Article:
Newt And Dick Race
To The Past 2012
Yea! Pass The Champagne
Definitive Account Of Briefings Still Elusive
Lawmakers Divided After Reviewing CIA’s Notes on Pelosi Session
By Paul Kane and Joby Warrick
Washington Post Staff Writers
Saturday, May 23, 2009
Sequestered in rooms buried deep within the Capitol and requiring top-secret clearances to enter, members of the House and Senate intelligence committees have spent the past week leafing through documents at the heart of Washington’s latest who-knew-what-and-when saga.
But rather than emerging with clear agreement on what the memos reveal about the CIA briefing House Speaker Nancy Pelosi received in 2002, and whether she was aware that aggressive interrogation methods were being used on terrorism suspects, lawmakers remain as divided as ever about the story they tell.
In Germany, widespread spying is back, this time by corporations
Hundreds of thousands of employees have had their cellphone, e-mail and computer records secretly searched. Companies say they did it to expose misconduct.
By Henry Chu
May 23, 2009
Reporting from Berlin — Growing up in West Germany, Lothar Schroeder never knew that terrible sense of violation suffered by people in the communist East at the hands of the secret police who tailed them, bugged their homes and recruited neighbors and even family members to snitch on them.
Now he knows.
But it’s not a totalitarian state doing the snooping this time; it’s some of the country’s largest corporations — big names in telecommunications, transportation and retail.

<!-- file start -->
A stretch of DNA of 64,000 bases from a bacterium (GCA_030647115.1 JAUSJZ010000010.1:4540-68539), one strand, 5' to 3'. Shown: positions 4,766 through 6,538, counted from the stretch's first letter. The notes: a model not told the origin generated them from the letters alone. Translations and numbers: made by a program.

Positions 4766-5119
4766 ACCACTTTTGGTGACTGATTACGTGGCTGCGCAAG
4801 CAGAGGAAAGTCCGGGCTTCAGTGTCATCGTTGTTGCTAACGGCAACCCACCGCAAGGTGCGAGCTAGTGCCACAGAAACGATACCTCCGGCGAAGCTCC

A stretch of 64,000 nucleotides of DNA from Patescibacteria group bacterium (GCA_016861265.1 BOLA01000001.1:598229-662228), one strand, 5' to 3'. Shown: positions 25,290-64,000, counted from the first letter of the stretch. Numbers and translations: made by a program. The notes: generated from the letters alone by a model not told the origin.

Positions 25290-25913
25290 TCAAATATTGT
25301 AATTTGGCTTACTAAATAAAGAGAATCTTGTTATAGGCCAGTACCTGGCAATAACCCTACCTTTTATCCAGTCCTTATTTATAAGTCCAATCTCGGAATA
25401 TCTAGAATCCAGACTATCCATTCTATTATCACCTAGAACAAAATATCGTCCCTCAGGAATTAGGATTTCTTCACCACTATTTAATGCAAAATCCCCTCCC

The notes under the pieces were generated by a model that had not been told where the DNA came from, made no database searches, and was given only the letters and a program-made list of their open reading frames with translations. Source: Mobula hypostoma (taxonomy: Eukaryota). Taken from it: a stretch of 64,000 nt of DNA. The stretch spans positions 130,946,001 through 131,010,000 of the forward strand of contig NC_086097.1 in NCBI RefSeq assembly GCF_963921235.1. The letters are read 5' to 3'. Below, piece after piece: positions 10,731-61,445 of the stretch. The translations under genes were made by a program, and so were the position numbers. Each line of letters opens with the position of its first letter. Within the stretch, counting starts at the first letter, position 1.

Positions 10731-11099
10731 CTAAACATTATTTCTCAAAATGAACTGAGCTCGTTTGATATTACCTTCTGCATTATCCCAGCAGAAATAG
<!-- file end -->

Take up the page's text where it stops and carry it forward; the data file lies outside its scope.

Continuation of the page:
Last year, authorities informed Schroeder that Deutsche Telekom had secretly combed through his cellphone records, apparently to root out the source of leaks to the news media. Schroeder, a union representative on the company’s board of supervisors, was stunned.
“I never could believe that Deutsche Telekom would use their data in this way, never,” he said, adding ruefully, “Perhaps I’m a little bit naive.”
Twenty years after the fall of the Berlin Wall, Germany is being rocked by a string of spying scandals that have staggered residents with their scale and brought back painful memories of the prying eyes of Big Brother during the Cold War.
President’s Detention Plan Tests American Legal Tradition
By WILLIAM GLABERSON
Published: May 22, 2009
President Obama’s proposal for a new legal system in which terrorism suspects could be held in “prolonged detention” inside the United States without trial would be a departure from the way this country sees itself, as a place where people in the grip of the government either face criminal charges or walk free.
There are, to be sure, already some legal tools that allow for the detention of those who pose danger: quarantine laws as well as court precedents permitting the confinement of sexual predators and the dangerous mentally ill. Every day in America, people are denied bail and locked up because they are found to be a hazard to their communities, though they have yet to be convicted of anything.